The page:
MVTrak’s Tachta wearable device goes around the ear canal, similar to a hearing aid, and captures head motion data, measuring magnitude, force, direction, and frequency of hits with 96 percent accuracy. The device can be easily worn by football, soccer, lacrosse, basketball, and hockey players, plus members of the military, all of whom are at risk for brain injuries. The data funnels into MVTrak’s platform, where coaches (or commanding officers) can track the history of hits and assess solutions for prevention.
“We will continue to develop products for monitoring, assessment, and prevention — to make sports safer, our warfighters stronger, and our futures brighter, plus prevent untold hardship and difficulty for victims and their families,” says Heiks.
Insurance companies are trying to jump on the prevention wagon as well with the use of wearables. While only 10 percent of American adults own fitness trackers, the number is quickly increasing as new sensors and integrations are released. Fitness trackers like Fitbit can be used to lower your insurance premium and stay on top of your health between checkups.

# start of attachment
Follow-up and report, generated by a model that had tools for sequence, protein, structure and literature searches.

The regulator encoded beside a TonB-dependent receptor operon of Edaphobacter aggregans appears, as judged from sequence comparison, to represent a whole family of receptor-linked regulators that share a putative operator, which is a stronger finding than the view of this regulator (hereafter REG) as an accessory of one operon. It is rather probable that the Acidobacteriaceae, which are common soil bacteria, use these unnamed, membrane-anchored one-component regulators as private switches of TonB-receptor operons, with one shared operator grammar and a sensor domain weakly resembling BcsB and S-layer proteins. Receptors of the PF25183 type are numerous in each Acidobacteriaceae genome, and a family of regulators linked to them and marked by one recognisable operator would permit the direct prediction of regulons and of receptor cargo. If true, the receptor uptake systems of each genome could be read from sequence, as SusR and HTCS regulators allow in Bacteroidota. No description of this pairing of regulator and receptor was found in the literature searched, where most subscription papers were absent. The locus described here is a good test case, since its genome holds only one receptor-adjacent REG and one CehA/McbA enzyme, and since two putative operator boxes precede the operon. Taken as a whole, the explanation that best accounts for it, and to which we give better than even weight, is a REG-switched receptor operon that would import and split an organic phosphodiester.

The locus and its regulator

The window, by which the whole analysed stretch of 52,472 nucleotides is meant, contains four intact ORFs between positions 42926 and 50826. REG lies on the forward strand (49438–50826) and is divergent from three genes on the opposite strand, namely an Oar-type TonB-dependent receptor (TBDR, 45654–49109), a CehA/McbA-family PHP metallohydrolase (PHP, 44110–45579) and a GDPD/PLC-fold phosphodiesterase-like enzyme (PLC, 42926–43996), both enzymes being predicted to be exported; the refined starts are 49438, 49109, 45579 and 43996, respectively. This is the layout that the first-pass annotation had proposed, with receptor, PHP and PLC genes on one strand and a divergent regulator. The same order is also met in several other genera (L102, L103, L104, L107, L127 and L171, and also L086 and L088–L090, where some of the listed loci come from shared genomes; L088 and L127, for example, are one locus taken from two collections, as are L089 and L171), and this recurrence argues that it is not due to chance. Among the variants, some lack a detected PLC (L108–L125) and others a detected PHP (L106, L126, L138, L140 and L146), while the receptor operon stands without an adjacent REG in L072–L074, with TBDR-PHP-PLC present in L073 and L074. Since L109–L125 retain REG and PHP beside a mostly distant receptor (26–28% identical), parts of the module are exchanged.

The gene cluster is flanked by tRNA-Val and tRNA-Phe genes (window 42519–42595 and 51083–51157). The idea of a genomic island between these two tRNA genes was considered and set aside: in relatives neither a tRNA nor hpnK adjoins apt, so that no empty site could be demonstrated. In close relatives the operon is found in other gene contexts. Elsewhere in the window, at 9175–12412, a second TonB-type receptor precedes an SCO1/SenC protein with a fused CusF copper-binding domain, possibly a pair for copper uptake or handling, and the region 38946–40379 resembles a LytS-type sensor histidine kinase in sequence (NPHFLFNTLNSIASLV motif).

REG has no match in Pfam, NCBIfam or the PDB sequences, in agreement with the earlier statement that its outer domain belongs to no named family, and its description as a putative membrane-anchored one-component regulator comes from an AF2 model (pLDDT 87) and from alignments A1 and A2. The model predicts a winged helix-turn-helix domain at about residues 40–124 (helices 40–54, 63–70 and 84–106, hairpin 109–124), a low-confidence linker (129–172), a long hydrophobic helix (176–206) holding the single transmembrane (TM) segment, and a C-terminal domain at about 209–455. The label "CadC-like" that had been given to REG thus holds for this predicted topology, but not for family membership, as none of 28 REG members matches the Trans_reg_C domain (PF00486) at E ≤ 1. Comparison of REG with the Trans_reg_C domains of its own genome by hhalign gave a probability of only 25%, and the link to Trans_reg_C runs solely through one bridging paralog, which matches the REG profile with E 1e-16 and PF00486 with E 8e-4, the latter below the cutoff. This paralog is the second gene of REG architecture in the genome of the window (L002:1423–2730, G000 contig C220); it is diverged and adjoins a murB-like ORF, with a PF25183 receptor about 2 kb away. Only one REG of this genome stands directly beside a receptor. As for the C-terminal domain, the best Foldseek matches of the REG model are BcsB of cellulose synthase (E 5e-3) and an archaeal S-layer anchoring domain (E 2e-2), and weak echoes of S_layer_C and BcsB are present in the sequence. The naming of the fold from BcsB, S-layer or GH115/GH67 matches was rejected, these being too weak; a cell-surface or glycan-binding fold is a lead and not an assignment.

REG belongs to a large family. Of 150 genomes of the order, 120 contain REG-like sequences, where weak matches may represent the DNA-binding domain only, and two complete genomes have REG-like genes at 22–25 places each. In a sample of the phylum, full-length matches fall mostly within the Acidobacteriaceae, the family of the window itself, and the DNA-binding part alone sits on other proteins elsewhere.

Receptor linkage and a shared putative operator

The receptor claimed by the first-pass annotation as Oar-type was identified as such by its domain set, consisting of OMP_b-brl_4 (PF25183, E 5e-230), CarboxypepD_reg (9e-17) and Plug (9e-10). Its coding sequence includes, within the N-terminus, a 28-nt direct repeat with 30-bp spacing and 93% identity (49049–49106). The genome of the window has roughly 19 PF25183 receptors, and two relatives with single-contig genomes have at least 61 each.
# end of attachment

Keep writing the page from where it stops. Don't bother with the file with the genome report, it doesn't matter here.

Digital health startup Aces Health is flipping that model on its head. Instead of gathering data from your fitness tracker to inform your insurance company, they are using wearables as a way to help clinical trials stay accurate. A main issue within clinical research is keeping track of the patients’ compliance and their health while participating in trials — they aren’t in the hospital 24/7, after all.
“Using an intuitively designed smartphone app and an ecosystem of connected health devices like Fitbits and Bluetooth inhalers, we transform the patient experience to improve adherence and compliance to medical regimens outside the doctor’s office,” says CEO Jordan Spivack.
Aces Health’s app connects to health tracking devices to make it easier for the patient to share data with researchers and for researchers to collect data faster. The wearable technology empowers the patient to take control of their chronic condition and gives enough data to the physician to make more personalized health recommendations.